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Apple events are the gifts that keep on giving. It’s handy for us tech bloggers because it gives us a chance to dust off our Easy-Bake Ovens and cook up a batch of hot takes on developments that will impact many sectors of tech for at least the next nine months.
It’s also handy for any non-Apple company that wants to make an unflattering or unpopular news announcement in under the media and the public’s radars.
I mean, just look at the resources that go into covering Apple’s events. It seems like most publications run liveblogs, which vary from serious transcriptions of whatever’s happening onstage to off-key banter that’s barely related to Apple. Then there are the photos, the longer posts, the columns, the features… phew. The rest of the world seems to stop when Apple takes the stage.
For instance, we observed three instances where unflattering news announcements by non-Apple companies coincided with yesterday’s media event. (For the record, we don’t know if it was intentional, but the timing was definitely convenient, regardless.)
First was the news that 21st Century Fox has acquired a majority stake in National Geographic, the iconic magazine run by a nonprofit organization for more than a century. Fox will own 73 percent of the National Geographic Group and reportedly plans to turn the flagship magazine into a for-profit venture.
People are understandably worried about how this new ownership might change National Geographic. Some are concerned about Rupert Murdoch’s personal views coloring the magazine’s coverage; others are worried that Fox’s habit of misleading viewers could transfer to the centenarian publication.
Then there was the announcement that Intel plans to stop supporting the Science Talent Search, an annual competition in which high school seniors compete for prizes, it has sponsored since 1998. (The event itself dates back to 1942 — not as old as National Geographic, but still fairly well established.)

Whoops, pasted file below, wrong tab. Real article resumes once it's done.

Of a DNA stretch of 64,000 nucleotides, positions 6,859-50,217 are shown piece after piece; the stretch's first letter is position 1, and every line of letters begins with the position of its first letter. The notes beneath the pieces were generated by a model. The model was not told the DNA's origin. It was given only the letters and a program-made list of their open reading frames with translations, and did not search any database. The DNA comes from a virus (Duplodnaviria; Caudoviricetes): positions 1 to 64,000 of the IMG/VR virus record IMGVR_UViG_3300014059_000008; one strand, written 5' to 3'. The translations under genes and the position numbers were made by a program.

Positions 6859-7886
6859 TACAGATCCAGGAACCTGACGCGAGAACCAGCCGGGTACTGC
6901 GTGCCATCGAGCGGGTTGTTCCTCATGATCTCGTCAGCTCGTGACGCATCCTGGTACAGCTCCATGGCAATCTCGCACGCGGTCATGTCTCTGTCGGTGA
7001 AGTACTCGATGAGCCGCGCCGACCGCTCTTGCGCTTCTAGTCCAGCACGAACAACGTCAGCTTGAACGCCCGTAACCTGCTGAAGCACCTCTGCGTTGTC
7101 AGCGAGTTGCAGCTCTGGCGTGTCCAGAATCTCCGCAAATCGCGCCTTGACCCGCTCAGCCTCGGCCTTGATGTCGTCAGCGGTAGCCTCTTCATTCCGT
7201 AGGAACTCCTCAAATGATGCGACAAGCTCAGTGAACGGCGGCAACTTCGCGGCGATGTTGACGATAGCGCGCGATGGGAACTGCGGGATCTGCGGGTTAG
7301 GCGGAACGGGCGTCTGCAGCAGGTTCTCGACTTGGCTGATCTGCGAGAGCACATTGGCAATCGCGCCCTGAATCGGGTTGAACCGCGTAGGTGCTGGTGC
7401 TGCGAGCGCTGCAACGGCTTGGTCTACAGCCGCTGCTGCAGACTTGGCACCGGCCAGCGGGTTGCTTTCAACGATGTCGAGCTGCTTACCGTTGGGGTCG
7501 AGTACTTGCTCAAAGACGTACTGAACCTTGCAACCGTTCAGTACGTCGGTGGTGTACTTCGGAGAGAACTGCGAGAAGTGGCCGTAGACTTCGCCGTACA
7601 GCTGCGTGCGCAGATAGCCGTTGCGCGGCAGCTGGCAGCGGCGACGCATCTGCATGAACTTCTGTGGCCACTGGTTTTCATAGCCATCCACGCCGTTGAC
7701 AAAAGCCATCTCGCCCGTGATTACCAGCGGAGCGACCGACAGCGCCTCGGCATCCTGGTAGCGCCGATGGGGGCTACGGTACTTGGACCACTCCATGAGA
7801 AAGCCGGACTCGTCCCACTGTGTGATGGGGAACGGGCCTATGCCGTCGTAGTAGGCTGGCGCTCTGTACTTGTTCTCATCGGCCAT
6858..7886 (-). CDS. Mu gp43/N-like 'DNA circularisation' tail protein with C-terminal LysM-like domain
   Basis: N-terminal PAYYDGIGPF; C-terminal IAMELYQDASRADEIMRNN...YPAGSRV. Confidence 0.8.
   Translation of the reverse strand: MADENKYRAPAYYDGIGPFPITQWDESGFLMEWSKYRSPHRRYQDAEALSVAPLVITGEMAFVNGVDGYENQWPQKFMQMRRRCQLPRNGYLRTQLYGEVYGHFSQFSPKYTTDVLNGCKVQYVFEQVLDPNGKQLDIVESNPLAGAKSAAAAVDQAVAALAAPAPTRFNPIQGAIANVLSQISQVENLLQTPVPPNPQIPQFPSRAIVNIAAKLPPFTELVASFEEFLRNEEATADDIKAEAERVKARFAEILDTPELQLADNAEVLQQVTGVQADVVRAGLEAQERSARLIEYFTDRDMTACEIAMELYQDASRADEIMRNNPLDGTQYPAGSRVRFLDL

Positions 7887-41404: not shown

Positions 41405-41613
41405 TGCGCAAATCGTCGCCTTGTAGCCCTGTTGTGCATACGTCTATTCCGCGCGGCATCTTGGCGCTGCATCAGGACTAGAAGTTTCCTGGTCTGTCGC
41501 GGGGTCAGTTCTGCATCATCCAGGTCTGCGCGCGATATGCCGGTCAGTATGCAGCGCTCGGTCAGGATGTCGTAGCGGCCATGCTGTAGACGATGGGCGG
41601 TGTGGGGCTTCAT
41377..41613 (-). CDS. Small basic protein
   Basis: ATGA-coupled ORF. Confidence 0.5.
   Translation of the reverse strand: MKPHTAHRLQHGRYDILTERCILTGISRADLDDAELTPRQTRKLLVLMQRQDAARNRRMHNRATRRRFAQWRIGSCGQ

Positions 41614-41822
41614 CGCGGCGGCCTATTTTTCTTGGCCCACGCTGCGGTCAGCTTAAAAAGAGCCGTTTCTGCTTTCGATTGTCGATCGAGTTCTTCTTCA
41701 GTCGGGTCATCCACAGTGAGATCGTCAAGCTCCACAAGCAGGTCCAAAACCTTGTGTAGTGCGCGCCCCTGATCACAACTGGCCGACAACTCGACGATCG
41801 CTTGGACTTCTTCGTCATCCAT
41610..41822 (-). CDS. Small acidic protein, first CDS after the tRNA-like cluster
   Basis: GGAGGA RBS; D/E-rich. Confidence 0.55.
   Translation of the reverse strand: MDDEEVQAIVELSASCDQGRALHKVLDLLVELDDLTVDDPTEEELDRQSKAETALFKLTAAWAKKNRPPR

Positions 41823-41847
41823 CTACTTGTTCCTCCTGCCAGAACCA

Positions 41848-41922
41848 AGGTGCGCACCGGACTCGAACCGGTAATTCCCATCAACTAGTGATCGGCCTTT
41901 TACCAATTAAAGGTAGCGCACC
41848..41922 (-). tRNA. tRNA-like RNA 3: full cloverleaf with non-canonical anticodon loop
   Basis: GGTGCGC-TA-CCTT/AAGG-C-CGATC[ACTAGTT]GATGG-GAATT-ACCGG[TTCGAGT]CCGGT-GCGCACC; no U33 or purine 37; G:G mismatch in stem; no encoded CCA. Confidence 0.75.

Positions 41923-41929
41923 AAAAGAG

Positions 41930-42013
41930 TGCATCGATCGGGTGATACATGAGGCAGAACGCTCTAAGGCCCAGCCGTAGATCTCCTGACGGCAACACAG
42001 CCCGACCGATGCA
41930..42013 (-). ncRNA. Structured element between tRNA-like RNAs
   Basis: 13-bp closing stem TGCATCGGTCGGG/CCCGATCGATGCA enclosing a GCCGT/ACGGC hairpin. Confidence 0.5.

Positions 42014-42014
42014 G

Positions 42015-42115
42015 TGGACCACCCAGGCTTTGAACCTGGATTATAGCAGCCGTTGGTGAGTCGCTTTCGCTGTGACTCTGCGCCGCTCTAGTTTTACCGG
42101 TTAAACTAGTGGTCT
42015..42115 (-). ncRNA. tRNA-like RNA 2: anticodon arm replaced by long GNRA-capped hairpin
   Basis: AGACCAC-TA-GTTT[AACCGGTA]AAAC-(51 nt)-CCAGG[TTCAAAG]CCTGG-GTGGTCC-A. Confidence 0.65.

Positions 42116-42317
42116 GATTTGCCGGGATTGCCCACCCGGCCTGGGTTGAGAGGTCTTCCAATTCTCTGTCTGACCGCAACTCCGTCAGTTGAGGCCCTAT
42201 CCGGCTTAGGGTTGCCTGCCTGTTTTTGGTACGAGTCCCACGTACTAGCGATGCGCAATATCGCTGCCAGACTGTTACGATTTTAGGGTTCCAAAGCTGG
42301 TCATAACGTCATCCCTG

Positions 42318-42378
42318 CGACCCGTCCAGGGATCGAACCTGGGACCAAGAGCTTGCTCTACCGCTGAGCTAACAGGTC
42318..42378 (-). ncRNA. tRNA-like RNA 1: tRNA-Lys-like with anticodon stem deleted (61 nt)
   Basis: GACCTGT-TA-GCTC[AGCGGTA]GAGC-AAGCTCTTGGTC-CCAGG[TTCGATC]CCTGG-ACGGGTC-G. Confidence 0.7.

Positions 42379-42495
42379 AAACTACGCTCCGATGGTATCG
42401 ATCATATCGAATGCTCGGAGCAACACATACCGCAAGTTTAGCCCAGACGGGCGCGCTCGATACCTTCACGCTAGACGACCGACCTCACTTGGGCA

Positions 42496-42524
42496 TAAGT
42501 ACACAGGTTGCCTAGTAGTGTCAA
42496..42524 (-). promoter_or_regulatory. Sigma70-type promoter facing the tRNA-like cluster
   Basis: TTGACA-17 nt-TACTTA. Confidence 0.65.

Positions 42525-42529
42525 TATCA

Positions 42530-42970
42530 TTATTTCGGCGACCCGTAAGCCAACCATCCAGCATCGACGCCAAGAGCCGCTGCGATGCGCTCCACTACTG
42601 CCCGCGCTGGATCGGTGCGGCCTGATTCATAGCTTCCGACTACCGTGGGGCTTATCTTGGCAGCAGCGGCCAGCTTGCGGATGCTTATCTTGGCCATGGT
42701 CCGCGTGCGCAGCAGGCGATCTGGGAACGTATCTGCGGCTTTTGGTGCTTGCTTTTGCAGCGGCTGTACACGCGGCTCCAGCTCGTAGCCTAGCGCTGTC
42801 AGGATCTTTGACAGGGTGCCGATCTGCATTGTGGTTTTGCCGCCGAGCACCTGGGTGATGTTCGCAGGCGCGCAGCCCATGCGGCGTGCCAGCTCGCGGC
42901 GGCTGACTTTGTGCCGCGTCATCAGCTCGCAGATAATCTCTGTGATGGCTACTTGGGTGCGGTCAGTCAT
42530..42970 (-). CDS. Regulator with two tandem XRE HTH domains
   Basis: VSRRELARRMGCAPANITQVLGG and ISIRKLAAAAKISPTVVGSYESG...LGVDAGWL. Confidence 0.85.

The society behind the Science Talent Search is looking for a new sponsor now . It seeks $6 million annually and a five-year commitment. Intel plans to keep its sponsorship going until 2017; after that the company’s checkbook will close.
And finally there was the death of a much younger entity: Amazon’s Fire Phone — a giant black eye for Amazon’s otherwise successful push into gadget-making. The pet project that never managed to catch on despite rock bottom pricing, access to all of Amazon’s content stores, and a heavy marketing push is done.
Amazon revealed yesterday that it has sold through its entire stock of Fire Phones — despite all odds — and that it doesn’t plan to make any more of them. That doesn’t come as much of a surprise given the phone’s lack of popularity, but the company’s decision to announce that the same day the new iPhones came out seems to indicate just a little bit of shame about the product’s failure.
For all of the panache shown on Apple’s stage and the company’s ability to drum up desire for new products with just a quick presentation, sometimes it’s more fun to see what other companies are trying to bury (intentionally or otherwise) during those keynotes.